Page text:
Aerobic fitness and neurocognitive function in healthy preadolescent children

Charles H. Hillman, Darla M. Castelli, Sarah M. Buck

Research output: Contribution to journalArticlepeer-review

Abstract

Purpose: We investigated the relationship between age, aerobic fitness, and cognitive function by comparing high- and low-fit predolescent children and adults. Method: Twenty-four children (mean age = 9.6 yr) and 27 adults (mean age = 19.3 yr) were grouped according to their fitness (high, low) such that four approximately equal groups were compared. Fitness was assessed using the Fitnessgram test, and cognitive function was measured by neuroelectric and behavioral responses to a stimulus discrimination task. Results: Adults exhibited greater P3 amplitude at Cz and Pz sites, and decreased amplitude at the Oz site compared with children. High-fit children had greater P3 amplitude compared with low-fit children and high- and low-fit adults. Further, adults had faster P3 latency compared with children, and high-fit participants had faster P3 latency compared with low-fit participants at the Oz site. Adults exhibited faster reaction time than children; however, fitness interacted with age such that high-fit children had faster reaction time than low-fit children. Conclusion: These findings suggest that fitness was positively associated with neuroelectric indices of attention and working memory, and response speed in children. Fitness was also associated with cognitive processing speed, but these findings were not age-specific. These data indicate that fitness may be related to better cognitive functioning in predolescents and have implications for increasing cognitive health in children and adults.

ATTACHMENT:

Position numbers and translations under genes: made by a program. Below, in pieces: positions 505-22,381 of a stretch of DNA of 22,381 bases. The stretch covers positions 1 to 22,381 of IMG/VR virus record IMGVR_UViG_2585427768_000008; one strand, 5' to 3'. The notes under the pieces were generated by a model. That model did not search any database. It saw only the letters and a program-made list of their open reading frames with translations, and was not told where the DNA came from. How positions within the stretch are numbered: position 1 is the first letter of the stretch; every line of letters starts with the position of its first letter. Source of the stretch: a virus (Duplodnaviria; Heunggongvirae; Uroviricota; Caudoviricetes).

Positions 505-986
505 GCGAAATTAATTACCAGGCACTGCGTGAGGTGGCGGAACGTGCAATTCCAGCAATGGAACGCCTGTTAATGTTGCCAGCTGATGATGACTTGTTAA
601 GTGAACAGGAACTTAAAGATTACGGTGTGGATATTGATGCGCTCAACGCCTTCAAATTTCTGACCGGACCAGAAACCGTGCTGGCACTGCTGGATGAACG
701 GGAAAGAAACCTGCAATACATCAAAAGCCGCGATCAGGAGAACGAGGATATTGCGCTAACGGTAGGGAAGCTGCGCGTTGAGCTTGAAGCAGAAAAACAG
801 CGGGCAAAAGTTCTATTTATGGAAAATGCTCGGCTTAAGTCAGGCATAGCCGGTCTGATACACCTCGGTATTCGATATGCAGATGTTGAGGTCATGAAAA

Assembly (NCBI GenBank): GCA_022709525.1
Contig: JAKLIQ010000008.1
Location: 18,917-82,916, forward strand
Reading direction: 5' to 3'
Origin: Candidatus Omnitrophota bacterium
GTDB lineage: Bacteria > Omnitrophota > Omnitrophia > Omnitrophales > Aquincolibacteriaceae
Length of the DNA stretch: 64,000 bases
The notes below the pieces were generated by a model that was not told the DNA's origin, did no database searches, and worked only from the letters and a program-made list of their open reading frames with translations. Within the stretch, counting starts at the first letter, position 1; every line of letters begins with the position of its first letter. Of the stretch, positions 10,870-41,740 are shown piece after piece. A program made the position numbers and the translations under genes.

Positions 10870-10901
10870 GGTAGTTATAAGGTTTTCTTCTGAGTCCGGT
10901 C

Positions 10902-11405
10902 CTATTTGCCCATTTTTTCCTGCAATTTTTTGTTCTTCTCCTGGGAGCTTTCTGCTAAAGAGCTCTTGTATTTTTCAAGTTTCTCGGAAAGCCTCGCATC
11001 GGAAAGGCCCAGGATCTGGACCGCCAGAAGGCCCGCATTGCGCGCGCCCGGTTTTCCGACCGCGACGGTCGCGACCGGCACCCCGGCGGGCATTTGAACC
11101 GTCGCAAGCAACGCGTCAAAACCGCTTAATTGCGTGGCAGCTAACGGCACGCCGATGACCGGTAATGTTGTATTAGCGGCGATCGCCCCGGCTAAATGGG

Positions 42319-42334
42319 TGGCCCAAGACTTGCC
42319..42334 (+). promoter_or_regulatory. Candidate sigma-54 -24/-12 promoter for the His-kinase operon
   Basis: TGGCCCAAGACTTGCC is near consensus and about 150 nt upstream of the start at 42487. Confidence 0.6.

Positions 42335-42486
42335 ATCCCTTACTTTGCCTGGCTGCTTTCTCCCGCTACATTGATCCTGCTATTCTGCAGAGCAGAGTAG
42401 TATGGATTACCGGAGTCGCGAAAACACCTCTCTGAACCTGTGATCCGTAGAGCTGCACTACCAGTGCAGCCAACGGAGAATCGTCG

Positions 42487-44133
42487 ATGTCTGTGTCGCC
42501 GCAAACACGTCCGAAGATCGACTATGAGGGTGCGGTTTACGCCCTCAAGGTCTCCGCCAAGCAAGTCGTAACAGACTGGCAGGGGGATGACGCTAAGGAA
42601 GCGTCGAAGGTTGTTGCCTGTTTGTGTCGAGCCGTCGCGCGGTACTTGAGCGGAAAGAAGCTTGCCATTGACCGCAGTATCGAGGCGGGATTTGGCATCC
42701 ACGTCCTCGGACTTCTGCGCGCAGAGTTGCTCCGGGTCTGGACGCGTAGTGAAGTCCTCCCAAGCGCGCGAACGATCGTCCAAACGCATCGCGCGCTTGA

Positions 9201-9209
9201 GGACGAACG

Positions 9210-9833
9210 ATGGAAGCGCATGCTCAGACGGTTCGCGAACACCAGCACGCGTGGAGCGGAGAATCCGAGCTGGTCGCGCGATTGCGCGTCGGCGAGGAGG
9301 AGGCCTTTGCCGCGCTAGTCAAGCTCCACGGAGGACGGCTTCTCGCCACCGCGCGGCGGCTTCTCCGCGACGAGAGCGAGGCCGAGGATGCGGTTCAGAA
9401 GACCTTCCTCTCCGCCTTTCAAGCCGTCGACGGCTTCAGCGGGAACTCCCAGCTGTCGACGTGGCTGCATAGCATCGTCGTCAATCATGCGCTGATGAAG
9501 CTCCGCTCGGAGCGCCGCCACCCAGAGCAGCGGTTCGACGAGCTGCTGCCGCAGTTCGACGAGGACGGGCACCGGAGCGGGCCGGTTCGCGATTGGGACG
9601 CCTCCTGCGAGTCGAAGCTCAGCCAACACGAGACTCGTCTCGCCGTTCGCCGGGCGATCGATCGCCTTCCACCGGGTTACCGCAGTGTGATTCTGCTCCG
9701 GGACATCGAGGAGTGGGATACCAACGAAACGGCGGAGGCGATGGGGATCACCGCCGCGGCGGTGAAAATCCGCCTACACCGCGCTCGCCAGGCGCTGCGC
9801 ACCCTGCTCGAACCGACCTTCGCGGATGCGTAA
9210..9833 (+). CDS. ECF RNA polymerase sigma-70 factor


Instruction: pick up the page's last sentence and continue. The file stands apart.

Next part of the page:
Original languageEnglish (US)
Pages (from-to)1967-1974
Number of pages8
JournalMedicine and Science in Sports and Exercise
Volume37
Issue number11
DOIs
StatePublished - Nov 2005

Keywords

  • Cognitive function
  • Development
  • EEG
  • Event-related potentials
  • Exercise
  • P3

ASJC Scopus subject areas

  • Orthopedics and Sports Medicine
  • Physical Therapy, Sports Therapy and Rehabilitation

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